She mouthed the word, a silent curse. Tears came. She stood with two teammates in bright lights set up for television cameras. People put microphones in her face. It was too much.
So she had lost. She did not win a medal. Twice now she had lost when she had reason to think these Olympics would bring her joy unbounded. She ached with what she had missed.
And she had to strike out at someone.
Cindy Nelson is a fighter. Three times she has missed a year's skiing with the injuries that attend flying down steep hills at 70 miles per hour. She always gets up. They put her back together and she won a silver medal in the 1976 Olympics. She has moved, since then, with the best in the world, as good as anyone on her best day.
What she wanted was to cry.
Someone with a microphone had asked a question: "When do you think Americans will be totally competitive with the rest of the world?" It seemed an innocent question, what with the American skiers shut out of medals in an Olympics in which teeny-tiny Liechtenstein now has won three medals.
"I totally disagree with that," Cindy Nelson shot back at the radio man.
She had been answering questions in a soft voice of disappointment. Now she was fighting. She was angry. As Beth Heiden told the press to go to hell the day before, now Cindy Nelson lifted her chin, biting off the words, and lectured the man with the microphone.
"We are a very young team," she said. At 24, Nelson is the grandma of a team that includes women 17, 18, 19. "I am by far the most experienced skier we have. I've been here since 1971. And now in the world I'm totally competitive with anyone. Annemarie Moser-Proell, Hanni Wenzel, all of them.
"Give some people time to mature. Have some faith."
Turning away, she cursed the man silently, her lips moving, her eyes glistening now with tears.
These have not been the Olympics of America's dreams.
But is that, as Beth Heiden and Cindy Nelson ask, the athletes' fault? Or have Americans made too much of these athletes? a
We all know about the screws holding Phil Mahre's ankle together because he has been written up as a medal contender, the best downhiller in years. But he finished 15th, far, far behind Andreas Wenzel of Liechtenstein, the silver medalist.
We know Beth Heiden because she set world records and her face was on the newsstands. Here she won a bronze medal, a single medal when we had been convinced by her coach that Beth would win three or four, possibly all gold.
Cindy Nelson we saw on the television in that little white car on behalf of the United State Olympic Committee. Yet, for Cindy Nelson, silver medalist, world-class competitor, these Olympics at Lake Placid, three hours' flight from her Minnesota home -- yes, Cindy Nelson could do it here. h
She didn't. She finished seventh in the downhill, her specialty, and she was 13th in the giant slalom today, running far behind today's winner, Hanni Wenzel of Liechtenstein, who also was second in the downhill.
Teeny-tiny Liechtenstein now has won a gold and two silver medals in skiing in these Olympics, and mighty America has won none. A country with no flag and a national railroad system 5 1/2 miles long, a country with 24,000 people and two newspapers, Liechtenstein is laying it on the 200 million people of the United States.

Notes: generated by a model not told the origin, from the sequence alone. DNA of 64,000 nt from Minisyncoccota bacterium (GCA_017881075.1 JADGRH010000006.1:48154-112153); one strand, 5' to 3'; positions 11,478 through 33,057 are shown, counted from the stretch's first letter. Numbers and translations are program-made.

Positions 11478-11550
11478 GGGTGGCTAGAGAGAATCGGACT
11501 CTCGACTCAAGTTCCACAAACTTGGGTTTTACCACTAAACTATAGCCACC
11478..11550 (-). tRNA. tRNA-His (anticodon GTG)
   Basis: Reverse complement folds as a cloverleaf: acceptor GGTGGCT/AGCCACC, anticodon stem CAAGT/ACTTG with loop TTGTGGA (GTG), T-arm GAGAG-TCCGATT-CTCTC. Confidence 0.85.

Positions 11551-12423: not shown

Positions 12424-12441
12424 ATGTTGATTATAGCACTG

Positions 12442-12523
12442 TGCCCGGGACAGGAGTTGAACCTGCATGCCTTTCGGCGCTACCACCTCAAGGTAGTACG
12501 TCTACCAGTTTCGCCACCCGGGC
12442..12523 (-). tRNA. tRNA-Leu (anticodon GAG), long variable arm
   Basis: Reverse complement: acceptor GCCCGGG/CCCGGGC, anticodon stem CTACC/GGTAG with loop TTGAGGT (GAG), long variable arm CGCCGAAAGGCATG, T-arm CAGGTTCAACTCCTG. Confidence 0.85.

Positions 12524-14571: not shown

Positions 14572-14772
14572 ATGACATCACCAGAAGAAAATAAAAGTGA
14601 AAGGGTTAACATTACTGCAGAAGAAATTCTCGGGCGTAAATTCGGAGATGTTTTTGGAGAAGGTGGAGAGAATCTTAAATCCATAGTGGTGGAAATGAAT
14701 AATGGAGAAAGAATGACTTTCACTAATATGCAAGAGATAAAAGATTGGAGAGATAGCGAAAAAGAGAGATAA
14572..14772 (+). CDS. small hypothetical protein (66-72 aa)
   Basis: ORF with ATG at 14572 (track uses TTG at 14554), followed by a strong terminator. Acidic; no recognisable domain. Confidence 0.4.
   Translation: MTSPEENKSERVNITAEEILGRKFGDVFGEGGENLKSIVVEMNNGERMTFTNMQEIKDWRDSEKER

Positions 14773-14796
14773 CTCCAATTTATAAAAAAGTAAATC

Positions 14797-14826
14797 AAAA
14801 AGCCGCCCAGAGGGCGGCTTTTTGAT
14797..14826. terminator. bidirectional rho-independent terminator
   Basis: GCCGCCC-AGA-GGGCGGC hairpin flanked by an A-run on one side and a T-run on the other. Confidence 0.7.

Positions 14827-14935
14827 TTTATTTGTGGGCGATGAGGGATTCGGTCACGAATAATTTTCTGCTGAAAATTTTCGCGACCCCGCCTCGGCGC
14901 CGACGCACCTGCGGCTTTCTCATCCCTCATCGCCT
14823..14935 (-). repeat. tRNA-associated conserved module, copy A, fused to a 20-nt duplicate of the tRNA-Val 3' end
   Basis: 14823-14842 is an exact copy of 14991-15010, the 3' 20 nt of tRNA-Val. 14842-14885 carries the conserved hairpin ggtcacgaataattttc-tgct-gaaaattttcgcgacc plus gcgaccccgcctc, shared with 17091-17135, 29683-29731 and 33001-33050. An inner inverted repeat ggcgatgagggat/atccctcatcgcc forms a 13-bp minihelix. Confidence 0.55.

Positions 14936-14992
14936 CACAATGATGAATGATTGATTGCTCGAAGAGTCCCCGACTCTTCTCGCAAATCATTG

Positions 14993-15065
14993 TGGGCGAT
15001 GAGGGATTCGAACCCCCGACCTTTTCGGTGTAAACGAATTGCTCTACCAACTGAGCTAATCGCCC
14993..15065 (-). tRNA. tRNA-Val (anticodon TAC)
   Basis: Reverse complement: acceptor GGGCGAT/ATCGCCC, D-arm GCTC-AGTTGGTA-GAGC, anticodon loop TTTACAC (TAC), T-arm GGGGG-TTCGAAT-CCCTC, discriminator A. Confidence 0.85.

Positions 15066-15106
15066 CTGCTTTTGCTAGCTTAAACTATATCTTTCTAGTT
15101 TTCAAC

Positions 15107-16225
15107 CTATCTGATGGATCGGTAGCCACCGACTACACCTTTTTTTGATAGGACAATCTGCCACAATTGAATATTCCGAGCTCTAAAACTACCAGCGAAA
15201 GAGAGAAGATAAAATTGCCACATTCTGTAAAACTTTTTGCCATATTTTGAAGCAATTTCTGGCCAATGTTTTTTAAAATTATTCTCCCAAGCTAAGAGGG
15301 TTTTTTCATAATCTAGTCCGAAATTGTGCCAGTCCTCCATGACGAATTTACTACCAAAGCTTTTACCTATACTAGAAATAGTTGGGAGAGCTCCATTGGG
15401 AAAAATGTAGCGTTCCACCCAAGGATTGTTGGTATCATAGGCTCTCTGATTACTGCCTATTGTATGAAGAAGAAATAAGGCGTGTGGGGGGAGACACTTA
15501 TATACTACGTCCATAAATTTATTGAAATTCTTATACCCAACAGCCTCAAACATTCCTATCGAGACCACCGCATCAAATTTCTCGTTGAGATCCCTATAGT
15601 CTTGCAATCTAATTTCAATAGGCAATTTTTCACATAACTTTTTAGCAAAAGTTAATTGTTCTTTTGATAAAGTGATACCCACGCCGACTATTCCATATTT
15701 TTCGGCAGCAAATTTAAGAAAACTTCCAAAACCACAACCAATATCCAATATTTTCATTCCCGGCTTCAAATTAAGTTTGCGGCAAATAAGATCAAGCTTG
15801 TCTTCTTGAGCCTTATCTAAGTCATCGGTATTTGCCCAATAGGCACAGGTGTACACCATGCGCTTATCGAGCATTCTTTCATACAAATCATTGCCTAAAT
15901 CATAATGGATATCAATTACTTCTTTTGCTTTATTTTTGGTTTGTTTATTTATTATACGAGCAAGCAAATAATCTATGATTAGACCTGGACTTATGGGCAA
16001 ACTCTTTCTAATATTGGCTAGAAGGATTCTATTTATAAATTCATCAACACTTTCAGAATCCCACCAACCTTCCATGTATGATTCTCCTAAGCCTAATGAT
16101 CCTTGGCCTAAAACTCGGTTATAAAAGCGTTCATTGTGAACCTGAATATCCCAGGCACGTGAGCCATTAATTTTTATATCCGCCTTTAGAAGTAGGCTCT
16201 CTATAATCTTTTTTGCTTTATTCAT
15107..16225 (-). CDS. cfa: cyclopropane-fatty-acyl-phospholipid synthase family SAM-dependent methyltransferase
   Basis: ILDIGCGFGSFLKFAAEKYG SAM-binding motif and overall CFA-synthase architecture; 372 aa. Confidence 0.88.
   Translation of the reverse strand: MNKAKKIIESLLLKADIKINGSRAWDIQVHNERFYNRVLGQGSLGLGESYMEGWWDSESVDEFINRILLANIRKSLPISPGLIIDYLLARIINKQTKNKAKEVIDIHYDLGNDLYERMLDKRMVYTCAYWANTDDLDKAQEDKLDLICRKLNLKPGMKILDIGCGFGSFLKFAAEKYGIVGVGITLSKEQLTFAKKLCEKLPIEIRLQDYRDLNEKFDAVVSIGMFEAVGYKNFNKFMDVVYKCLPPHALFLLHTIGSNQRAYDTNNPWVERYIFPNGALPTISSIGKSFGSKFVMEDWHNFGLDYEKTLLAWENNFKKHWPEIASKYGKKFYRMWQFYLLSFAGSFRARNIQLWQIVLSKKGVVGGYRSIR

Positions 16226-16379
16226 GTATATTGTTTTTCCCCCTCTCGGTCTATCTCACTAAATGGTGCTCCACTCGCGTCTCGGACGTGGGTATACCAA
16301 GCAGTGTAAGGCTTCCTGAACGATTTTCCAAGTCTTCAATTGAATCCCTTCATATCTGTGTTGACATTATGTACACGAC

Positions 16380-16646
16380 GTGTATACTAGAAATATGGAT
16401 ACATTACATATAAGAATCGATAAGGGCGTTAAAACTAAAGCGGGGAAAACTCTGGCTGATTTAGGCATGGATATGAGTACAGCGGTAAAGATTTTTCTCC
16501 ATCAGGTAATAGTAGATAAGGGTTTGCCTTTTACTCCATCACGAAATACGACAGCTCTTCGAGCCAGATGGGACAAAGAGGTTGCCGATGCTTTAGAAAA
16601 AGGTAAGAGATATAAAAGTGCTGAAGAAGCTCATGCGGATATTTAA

What a neat story. A dot on the map, squeezed in by Austria and Switzerland, leaves a world superpower up the mountain. The village of Planken, population 140, sends two Wenzels to Lake Placid and with two of its favorite events yet to come has won as many Alpine skiing medals as the United States has in the last 16 years.
In 1960 the U.S. won three skiing medals and in '64 won four. If it is shut out this time, and that once unspeakable possibility is a possibility now, the U.S. will leave without a skiing medal for the sixth time in 13 Olympics.
Prospects for other medals are not good, either. Eric Heiden has won four golds, with a fifth coming, and so the team total of medals likely will reach 11 by Games' end. That's one more than in 1976, one fewer than the all-time U.S. record of 12 in 1932. o
Without Heiden, then, the United States likely would win only six medals. You have to go back to 1936 to see such a low number.
Why such a melancholy performance when conservative estimates said the U.S. should win 15 medals, maybe 20? The U.S. speed-skating coach even said her charges might win 18 of the 27 medals available on the ice oval.
"I just know," Cindy Nelson said, "that on this given day, I didn't have it together. The Olympics is a once-in-four-years proposition, and I didn't have it on the right day."
Of 24,000 people in Liechtenstein, 8,000 ski. Everyone lives within a 30-minute drive of the Malbun Mountain ski resort. Hanni Wenzel grew up in the Alps, where skiers are national figures who dine with princes.
"It will be our biggest day ever when Hanni wins the gold medal," said Peter Ridder, the chairman of the Liechtenstein Olympic Committee. "There will be a great national feast tonight."
While the U.S. ski team has all the money it wants, it yet is an oprhan of the snow. Americans hooked on football and basketball for real thrills say to these orphans: we'll see you on TV once every four years.
So Cindy Nelson weeps in anger. And Beth Heiden curses when it seems to them that Americans demand -- demand! -- gold medals.
Nelson confronted the man with the microphone.
She put her face a foot from his.
She cried out. "Why do Americans expect miracles?"